The POREfessional: Agent Zero Shine

for $ 30.00
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Brand Overview

This product is essentially a fragrance-free, pale peach-tinted loose powder with a clever name and equally clever packaging. Although some may perceive the packaging as bulky, it's definitely less cumbersome and more portable than loose powders packaged in jars with sifters.

Agent Zero Shine is housed in a cylindrical component whose base is narrower than its top, which is where the powder is dispensed. Hidden in the base is a handy and well-made brush that's easy to use. You twist the base to release the brush, uncap the product, shake a bit of powder into the cap, swirl the brush in the powder, and apply over your face. Done!

As for the powder itself; despite the peachy tint it goes on sheer and has a wonderfully soft texture and absorbent, dry finish that doesn't make skin look dull or dried out. The single shade will work for almost all skin tones, except perhaps for very light or very dark skin. The matte finish makes it best for combination to oily skin.

One more comment: The brush is designed with a twist-up plastic protector for the bristles. When you're done using it, simply twist up the protector and replace the brush in the base of the component, with no worry about the bristles splaying.

  • Very good, lightweight powder keeps shine at bay.
  • Fragrance-free.
  • One shade works for most skin tones.
  • Cute and clever packaging that's actually helpful.
  • More convenient for use on the go than regularly -packaged loose powders.
  • None, unless you happen to prefer pressed powder, which remains easier to apply on the go and is definitely less messy to use.
Jar Packaging: No
Tested on animals: Yes
Talc, Nylon-12, Water, Magnesium Myristate, Lauroyl Lysine, Polymethyl Methacrylate, Caprylic/Capric Triglyceride, Ethylhexyl Palmitate, Zea Mays (Corn) Starch, Phenoxyethanol, Dimethicone/Vinyl Dimethicone Crosspolymer, Sodium Dehydroacetate, Lens Esculenta (Lentil) Fruit Extract, Silica, Isoceteth-10, Ethylhexylglycerin, Aluminum Dimyristate, Triethoxycaprylylsilane, Disodium Stearoyl Glutamate. May Contain: Red 6, Red 7, Red 7 Lake, Yellow 6, Yellow 6 Lake, Yellow 5, Yellow 5 Lake, Blue 1 Lake, Red 27, Red 27 Lake, Red 28 Lake, Red 30, Red 30 Lake, Ultramarines, Bismuth Oxychloride, Chromium Oxide Greens, Chromium Hydroxide Green, Iron Oxides, Ferric Ferrocyanide, Ferric Ammonium Ferrocyanide, Manganese Violet, Titanium Dioxide.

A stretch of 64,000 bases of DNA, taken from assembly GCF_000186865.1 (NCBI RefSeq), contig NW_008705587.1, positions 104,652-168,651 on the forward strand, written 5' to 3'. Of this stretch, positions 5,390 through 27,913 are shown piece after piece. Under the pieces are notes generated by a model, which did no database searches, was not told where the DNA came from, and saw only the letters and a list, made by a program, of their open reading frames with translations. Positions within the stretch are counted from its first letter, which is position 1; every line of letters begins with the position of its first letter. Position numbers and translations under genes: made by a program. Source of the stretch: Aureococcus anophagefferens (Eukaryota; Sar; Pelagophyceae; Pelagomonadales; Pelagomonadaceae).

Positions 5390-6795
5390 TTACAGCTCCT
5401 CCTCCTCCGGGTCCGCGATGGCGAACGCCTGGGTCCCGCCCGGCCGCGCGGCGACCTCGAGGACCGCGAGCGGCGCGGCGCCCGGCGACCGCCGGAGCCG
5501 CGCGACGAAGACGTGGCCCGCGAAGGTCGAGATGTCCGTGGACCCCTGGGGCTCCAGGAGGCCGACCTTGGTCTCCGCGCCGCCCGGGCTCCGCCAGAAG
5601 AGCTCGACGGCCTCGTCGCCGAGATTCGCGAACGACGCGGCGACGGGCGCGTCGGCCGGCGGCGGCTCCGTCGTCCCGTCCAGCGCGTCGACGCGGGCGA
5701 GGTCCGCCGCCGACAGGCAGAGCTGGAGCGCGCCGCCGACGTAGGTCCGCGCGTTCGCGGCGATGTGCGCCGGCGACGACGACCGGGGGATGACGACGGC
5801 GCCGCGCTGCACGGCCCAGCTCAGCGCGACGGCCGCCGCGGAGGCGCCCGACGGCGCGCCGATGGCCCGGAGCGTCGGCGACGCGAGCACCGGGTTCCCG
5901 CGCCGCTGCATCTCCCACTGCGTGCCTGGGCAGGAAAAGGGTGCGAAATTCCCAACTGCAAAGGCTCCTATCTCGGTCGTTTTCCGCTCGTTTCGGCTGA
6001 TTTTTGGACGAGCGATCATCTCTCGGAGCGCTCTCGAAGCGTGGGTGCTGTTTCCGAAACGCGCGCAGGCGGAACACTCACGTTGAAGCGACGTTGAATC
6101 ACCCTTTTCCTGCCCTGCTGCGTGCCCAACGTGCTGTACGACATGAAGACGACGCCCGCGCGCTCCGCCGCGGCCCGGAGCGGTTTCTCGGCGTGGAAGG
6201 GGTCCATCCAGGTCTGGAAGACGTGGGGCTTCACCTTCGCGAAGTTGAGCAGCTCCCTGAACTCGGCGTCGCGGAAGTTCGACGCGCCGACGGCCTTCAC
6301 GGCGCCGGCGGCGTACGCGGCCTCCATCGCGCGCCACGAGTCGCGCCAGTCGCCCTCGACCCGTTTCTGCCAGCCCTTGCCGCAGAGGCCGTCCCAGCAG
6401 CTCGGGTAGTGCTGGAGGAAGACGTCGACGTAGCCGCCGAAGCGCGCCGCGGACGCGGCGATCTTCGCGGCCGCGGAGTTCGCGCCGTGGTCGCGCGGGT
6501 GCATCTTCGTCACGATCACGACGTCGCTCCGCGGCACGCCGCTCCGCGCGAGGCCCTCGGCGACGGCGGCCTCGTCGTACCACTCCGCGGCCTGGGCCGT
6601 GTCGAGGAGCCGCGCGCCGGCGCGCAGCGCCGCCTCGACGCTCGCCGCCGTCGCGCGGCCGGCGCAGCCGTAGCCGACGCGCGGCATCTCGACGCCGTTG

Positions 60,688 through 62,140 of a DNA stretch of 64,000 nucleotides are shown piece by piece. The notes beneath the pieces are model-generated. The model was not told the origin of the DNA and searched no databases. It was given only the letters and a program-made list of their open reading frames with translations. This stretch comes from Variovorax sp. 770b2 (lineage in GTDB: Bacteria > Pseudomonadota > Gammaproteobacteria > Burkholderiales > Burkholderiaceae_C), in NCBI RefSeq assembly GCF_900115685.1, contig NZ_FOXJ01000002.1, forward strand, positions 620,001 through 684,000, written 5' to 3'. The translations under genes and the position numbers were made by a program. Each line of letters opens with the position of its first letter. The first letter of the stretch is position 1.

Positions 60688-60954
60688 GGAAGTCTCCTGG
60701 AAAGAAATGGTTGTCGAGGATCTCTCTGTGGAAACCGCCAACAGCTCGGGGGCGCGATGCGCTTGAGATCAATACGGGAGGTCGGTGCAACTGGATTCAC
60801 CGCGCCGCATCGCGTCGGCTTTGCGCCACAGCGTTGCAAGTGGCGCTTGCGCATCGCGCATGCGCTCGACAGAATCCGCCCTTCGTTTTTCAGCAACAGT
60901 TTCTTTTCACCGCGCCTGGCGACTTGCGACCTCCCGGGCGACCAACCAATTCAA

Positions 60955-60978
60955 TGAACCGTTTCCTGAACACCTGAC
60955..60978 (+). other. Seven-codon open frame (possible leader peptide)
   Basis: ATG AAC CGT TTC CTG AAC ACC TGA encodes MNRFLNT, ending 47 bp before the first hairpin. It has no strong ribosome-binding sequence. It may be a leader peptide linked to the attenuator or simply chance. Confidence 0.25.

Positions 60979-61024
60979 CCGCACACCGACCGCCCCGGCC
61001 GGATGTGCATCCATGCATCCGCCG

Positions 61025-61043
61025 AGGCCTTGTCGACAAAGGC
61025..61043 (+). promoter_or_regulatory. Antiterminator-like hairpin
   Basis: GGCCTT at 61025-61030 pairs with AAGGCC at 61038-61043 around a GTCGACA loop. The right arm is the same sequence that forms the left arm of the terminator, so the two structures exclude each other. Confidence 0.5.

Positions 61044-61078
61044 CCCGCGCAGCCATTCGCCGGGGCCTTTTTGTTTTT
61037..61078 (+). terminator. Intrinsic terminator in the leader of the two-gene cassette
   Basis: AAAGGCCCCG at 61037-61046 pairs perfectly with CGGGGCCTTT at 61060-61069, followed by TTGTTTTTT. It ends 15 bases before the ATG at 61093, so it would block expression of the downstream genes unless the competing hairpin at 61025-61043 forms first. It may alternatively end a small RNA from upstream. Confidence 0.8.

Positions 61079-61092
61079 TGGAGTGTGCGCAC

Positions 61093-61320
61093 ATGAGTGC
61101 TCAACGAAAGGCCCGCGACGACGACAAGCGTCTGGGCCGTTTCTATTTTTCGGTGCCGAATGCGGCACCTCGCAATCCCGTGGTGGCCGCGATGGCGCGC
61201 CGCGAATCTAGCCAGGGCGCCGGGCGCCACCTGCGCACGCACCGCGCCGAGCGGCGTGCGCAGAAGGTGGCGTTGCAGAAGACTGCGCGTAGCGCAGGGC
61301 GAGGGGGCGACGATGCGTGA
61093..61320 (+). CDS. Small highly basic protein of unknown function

Benefit At-A-Glance

Benefit was developed by twins Jean Danielson and Jane Blackford, whose initial claim to fame was a stint as the Calgon twins back in 1960s television commercials. They opened their first cosmetics store, The Face Place, in San Francisco, circa 1976, and then, perhaps recognizing the need for a name with more impact, The Face Place became Benefit in 1990. From there the line took off and expanded its presence beyond the Bay Area to include national department stores and, eventually, Sephora boutiques.

Benefit's makeup philosophy is outrageously fun and its product arsenal is centered on impossibly cute names and a lexicon that aims to make beauty enjoyable. Benefit single-handedly started the trend of selling makeup and skincare products with ultra-cute appellations for less than ultra-fancy prices. As with most lines, there are enough missteps and problem products to shop carefully, but Benefit shines in several categories, including foundation, bronzing powder, blush, and shimmer products.

Unfortunately, some of the products simply can't live up to their promises. This is mostly true of their skincare formulas, where the showcased ingredients are either present in itsy-bitsy amounts or the claims attributed to them are very exaggerated. Despite this, if you're in the mood for a fun experience and can manage to choose products wisely while enjoying the whimsy, Benefit deserves a look.

For more information about Benefit, visit www.Benefitcosmetics.com.

About the Experts

The Beautypedia team consists of skin care and makeup experts personally trained by the original Cosmetics Cop and best-selling beauty author, Paula Begoun. We’re fascinated by skin care and makeup products and thrilled when they meet or exceed our expectations, but we’re also disappointed when they fail to perform as claimed, are wildly overpriced, or contain ingredients scientific research has proven can hurt skin.

Our mission has always been to help you find the best products for your skin, no matter your budget or preferences. Beautypedia’s thorough and insightful reviews cut through the hype and provide reliable recommendations for all ages, skin types, and skin tones.

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